From our partner International Affairs

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Eastern Europe

The Economic Roots of Georgia’s “Defection” to the West

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An important part of a country’s foreign policy lies in its economic moves. This is particularly true in the case of large states seeking a bigger role in the international arena.

For example, China has been implementing the ‘Belt and Road Initiative’ (BRI), while the US during the Cold War brought in the famous Marshall Plan to help Europe restore its shattered financial strength. Both projects pursue(d) projection of political power through economic means.

Long gone are the times when it still was possible to occupy territories solely through military power. Increasingly, as modernity enabled the rise of self-consciousness and nationalism among small states and ethnic minorities in large countries, it has become difficult to rely on repressive measures. A policy of active economic initiatives targeting one ethnic group inside the country or a separate state has thus gained additional importance.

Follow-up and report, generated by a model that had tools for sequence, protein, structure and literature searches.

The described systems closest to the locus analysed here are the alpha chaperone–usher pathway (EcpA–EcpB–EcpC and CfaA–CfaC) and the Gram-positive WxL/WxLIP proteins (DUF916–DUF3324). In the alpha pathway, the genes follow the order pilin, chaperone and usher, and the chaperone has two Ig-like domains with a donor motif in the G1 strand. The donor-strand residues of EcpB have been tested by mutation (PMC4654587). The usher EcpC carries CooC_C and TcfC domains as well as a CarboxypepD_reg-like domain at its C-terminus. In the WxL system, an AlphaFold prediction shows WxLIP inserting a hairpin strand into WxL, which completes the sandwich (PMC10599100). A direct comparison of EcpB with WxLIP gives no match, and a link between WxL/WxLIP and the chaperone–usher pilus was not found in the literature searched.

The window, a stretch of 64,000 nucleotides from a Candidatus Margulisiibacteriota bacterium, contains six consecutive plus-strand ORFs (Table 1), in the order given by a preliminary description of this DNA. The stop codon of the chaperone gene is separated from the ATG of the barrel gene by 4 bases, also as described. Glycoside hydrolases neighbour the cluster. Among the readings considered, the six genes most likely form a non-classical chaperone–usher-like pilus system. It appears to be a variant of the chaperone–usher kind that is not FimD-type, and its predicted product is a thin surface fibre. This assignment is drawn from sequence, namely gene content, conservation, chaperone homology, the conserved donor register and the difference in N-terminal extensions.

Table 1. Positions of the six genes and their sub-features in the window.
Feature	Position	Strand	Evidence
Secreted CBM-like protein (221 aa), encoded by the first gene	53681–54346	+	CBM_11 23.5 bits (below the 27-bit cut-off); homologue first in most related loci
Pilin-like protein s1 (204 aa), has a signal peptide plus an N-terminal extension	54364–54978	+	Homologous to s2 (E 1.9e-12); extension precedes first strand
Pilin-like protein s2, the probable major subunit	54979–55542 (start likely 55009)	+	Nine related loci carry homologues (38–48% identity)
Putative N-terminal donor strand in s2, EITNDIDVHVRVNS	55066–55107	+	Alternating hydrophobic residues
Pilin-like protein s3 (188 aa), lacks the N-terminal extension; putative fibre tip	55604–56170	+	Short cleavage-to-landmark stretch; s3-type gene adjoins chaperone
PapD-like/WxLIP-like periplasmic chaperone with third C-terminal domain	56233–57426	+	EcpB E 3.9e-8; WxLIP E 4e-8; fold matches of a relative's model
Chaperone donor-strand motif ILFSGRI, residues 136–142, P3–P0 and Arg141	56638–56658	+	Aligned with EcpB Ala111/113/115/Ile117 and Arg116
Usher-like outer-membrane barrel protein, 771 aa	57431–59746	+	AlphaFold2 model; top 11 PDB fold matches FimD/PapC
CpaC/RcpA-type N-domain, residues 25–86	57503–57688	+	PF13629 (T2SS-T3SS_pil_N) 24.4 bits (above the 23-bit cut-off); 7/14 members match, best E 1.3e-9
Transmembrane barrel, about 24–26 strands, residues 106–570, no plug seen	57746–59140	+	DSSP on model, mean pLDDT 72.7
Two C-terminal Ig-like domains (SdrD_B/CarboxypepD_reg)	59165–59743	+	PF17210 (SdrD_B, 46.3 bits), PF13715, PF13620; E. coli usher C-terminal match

Looking at the last 30 years of Georgian-Russian relations, there has been almost everything one could imagine: from cordial talks to wars to a full-scale economic embargo. More negative than positive, but well illustrative of the limits of Russia’s foreign policy.

It is true that Georgia has not been economically so important to Moscow as, for example, Ukraine, Kazakhstan or Belarus, but Russia is always interested in influencing Tbilisi. Still, Georgia is a vital transit corridor between west and east as well as north and south. Moreover, without Georgia, it will always be difficult for Russia to effectively control the restive North Caucasus in the long run.

The Russian political establishment failed to see that a major reason in Georgia’s shift to the West in the early 2000s was a shattered post-Soviet economy and no help from Moscow. Russia was not perceived as an enemy when the Rose Revolution was about to happen in 2003: there were simply no concerted efforts from the Russian side to lure Georgia economically.

Russia was also experiencing turbulent times and was self-absorbed with internal problems when Vladimir Putin came to power in 1999. Even when Russia became financially stable in the late 2000s, no viable long-term economic vision was offered to the former Soviet countries. The announcement of the creation of the Eurasian Economic Union (EEU) did not produce the expected results nor did it stop Ukraine drifting from Russia in 2014.

Again, Russian political thought failed to recognize that Kyiv’s choice to move closer to the European Union was based on the latter’s economic attractiveness. As no brotherly relations with Russians could stop Ukrainians’ drift to the western economic space, much less surprising is Georgia’s eagerness to join the European market.